Shared Storybook Reading: Increasing Vocabulary Skills in an Inclusive Classroom Setting An ever-growing number of students across the United States experience academic achievement problems due to language deficits. The impact of language difficulties on academic success is particularly evident for children identified “atrisk” (e.g., children from low-income homes). With only one-quarter the vocabulary of their middle class peers, at-risk students ... Article
Article  |   March 01, 2005
Shared Storybook Reading: Increasing Vocabulary Skills in an Inclusive Classroom Setting
Author Affiliations & Notes
  • Shannon Gormley
    Department of Educational and School Psychology and Special Education, The Pennsylvania State University, University Park
  • Kathy L. Ruhl
    Department of Educational and School Psychology and Special Education, The Pennsylvania State University, University Park
Article Information
Development / School-Based Settings / Articles
Article   |   March 01, 2005
Shared Storybook Reading: Increasing Vocabulary Skills in an Inclusive Classroom Setting
SIG 16 Perspectives on School-Based Issues, March 2005, Vol. 6, 11-14. doi:10.1044/sbi6.1.11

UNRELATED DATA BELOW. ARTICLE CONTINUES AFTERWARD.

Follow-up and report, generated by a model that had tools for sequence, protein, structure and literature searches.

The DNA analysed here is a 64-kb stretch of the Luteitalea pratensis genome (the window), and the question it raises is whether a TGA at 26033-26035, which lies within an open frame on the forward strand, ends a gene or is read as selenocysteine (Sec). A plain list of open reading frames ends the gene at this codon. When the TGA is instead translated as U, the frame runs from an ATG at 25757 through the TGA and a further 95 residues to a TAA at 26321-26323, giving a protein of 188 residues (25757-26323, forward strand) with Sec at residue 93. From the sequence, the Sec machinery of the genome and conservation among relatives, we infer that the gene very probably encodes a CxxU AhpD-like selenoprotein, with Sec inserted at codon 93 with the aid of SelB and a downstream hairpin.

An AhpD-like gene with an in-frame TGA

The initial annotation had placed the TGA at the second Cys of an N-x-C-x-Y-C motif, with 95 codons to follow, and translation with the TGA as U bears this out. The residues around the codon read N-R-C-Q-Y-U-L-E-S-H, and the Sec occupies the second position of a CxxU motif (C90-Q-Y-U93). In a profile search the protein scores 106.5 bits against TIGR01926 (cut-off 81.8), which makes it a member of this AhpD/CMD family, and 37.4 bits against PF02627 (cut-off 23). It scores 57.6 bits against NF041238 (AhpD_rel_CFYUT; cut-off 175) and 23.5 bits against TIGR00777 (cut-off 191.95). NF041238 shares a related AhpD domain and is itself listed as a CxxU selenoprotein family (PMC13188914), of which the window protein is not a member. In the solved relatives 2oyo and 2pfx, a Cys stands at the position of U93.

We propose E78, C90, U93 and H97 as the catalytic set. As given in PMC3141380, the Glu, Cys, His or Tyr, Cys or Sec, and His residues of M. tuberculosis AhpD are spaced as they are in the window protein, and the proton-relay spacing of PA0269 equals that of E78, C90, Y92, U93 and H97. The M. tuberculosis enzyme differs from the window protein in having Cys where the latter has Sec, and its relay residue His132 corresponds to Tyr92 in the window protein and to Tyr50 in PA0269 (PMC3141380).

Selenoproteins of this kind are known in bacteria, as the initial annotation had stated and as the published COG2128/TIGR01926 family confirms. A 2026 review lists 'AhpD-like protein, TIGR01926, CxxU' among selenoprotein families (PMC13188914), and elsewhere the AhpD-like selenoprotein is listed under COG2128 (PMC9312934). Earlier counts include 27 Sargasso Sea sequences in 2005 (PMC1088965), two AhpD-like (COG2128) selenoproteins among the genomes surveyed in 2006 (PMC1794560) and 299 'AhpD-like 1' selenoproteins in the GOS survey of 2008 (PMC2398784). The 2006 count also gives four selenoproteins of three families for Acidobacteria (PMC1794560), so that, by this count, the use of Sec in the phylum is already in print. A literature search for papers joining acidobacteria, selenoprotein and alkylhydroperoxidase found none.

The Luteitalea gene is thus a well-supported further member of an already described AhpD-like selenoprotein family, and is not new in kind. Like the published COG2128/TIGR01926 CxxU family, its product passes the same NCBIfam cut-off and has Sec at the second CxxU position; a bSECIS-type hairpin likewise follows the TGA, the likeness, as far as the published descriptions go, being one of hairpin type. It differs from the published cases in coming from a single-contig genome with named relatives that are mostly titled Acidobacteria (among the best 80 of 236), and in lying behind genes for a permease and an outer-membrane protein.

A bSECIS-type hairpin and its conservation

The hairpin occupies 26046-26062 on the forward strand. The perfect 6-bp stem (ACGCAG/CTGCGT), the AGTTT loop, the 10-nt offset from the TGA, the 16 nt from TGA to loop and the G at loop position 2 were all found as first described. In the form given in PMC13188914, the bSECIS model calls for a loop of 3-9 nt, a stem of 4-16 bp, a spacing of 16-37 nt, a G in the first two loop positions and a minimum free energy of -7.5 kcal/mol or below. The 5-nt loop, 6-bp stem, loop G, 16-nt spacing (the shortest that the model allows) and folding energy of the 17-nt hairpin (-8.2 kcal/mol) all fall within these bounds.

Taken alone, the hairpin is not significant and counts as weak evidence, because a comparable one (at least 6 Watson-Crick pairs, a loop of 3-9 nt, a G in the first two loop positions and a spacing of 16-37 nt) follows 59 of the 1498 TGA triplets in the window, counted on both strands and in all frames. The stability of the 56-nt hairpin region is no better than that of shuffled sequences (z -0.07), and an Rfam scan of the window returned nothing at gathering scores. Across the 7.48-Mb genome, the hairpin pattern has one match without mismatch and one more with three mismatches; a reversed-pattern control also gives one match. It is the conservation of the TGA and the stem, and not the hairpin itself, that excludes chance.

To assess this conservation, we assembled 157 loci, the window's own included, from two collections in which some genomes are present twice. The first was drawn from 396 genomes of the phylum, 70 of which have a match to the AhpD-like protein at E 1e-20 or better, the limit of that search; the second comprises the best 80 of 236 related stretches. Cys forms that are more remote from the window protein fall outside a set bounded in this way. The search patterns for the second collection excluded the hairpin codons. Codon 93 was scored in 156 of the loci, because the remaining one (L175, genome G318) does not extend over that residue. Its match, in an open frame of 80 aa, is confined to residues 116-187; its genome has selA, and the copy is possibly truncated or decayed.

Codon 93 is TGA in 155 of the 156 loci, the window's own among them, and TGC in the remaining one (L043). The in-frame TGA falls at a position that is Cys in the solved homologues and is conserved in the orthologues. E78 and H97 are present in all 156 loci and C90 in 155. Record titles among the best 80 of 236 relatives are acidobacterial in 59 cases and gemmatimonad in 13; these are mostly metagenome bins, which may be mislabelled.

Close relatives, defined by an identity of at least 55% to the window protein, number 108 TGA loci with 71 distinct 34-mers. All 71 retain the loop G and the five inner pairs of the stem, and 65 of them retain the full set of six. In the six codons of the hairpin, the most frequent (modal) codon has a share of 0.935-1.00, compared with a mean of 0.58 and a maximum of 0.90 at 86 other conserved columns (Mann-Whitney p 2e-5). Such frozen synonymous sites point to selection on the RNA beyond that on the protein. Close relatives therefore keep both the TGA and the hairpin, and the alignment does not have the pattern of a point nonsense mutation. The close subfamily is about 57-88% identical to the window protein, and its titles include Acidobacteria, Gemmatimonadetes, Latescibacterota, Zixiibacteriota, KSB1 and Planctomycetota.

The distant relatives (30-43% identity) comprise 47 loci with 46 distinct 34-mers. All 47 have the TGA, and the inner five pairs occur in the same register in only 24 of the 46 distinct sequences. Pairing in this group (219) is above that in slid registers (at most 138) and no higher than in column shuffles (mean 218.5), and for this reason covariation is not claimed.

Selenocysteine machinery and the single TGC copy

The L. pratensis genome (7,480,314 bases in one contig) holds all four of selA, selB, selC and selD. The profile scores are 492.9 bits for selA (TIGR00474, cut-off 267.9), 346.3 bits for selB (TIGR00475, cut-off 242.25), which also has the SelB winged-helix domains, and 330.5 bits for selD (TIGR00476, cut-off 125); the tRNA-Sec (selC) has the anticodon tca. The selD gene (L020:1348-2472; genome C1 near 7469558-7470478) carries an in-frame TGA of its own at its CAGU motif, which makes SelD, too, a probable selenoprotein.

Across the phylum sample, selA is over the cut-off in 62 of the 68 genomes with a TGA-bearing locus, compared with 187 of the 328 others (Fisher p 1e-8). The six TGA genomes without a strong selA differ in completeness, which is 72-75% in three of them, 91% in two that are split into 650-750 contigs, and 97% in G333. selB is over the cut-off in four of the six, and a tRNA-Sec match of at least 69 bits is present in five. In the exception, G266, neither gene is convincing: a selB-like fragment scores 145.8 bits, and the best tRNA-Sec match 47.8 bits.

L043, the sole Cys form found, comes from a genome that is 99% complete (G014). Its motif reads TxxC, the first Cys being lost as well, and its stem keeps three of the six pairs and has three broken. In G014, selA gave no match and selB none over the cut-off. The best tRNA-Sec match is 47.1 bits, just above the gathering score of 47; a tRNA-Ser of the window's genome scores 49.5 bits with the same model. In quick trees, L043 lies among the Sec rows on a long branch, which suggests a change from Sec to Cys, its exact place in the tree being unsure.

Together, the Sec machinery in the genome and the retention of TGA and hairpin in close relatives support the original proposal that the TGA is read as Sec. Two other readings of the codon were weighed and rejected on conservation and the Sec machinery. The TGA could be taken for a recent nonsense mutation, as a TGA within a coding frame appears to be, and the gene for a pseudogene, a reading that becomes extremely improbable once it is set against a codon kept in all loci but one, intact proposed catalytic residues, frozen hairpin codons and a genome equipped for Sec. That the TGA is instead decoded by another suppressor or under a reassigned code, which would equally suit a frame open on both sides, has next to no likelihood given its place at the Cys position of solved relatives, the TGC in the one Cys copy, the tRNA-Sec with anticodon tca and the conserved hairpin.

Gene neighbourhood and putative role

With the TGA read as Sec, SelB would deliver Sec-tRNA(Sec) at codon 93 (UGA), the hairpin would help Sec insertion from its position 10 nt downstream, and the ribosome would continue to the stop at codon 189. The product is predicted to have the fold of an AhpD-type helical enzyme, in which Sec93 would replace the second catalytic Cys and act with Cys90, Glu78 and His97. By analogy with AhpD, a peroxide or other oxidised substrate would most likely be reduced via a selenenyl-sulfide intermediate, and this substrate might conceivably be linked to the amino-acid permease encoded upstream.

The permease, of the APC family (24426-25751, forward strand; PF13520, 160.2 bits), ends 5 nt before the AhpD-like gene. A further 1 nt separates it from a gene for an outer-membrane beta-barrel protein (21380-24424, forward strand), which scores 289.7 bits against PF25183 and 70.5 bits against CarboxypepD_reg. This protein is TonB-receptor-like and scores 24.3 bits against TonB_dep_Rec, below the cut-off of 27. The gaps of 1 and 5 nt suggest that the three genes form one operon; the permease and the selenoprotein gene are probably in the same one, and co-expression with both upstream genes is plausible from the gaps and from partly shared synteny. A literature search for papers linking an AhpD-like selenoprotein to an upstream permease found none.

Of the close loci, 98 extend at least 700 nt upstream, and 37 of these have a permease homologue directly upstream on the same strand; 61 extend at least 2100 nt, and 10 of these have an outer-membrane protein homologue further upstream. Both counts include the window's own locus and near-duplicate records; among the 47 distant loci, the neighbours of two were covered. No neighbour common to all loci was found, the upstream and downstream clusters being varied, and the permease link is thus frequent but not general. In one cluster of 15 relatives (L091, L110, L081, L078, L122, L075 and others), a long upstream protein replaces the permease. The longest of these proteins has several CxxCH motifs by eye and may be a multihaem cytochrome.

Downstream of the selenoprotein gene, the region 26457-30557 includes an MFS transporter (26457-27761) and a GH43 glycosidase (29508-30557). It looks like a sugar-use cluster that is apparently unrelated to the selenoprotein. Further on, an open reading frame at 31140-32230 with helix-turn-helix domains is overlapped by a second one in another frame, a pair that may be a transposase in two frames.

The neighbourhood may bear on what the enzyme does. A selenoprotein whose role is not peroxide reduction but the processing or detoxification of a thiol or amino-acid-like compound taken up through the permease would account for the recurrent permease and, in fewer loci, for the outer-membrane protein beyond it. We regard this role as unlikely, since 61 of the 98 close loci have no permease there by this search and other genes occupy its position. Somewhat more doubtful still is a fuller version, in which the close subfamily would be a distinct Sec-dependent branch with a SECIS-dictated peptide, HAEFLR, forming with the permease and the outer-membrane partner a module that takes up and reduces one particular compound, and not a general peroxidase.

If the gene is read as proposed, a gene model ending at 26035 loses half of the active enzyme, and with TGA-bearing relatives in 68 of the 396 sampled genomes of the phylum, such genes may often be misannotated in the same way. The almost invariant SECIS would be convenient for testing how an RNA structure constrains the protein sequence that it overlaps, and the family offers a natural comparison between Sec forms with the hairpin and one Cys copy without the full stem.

SIG 16 Perspectives on School-Based Issues, March 2005, Vol. 6, 11-14. doi:10.1044/sbi6.1.11
An ever-growing number of students across the United States experience academic achievement problems due to language deficits. The impact of language difficulties on academic success is particularly evident for children identified “atrisk” (e.g., children from low-income homes). With only one-quarter the vocabulary of their middle class peers, at-risk students are likely to start school behind and the gap between them and their “normally achieving peers” only grows larger (Hart & Risley, 1995) with the passage of time. Indeed, a particularly strong relationship exists between a child’s early vocabulary and their later literacy success (Catts, Fey, Zhang, & Tomblin, 1999; Snow, Burns, & Griffin, 1998). Young children with poor vocabulary skills are at significant risk for later reading difficulties. Consequently, children with language related difficulties make up over half the population of students served under IDEA (U.S. Department of Education, 2002).
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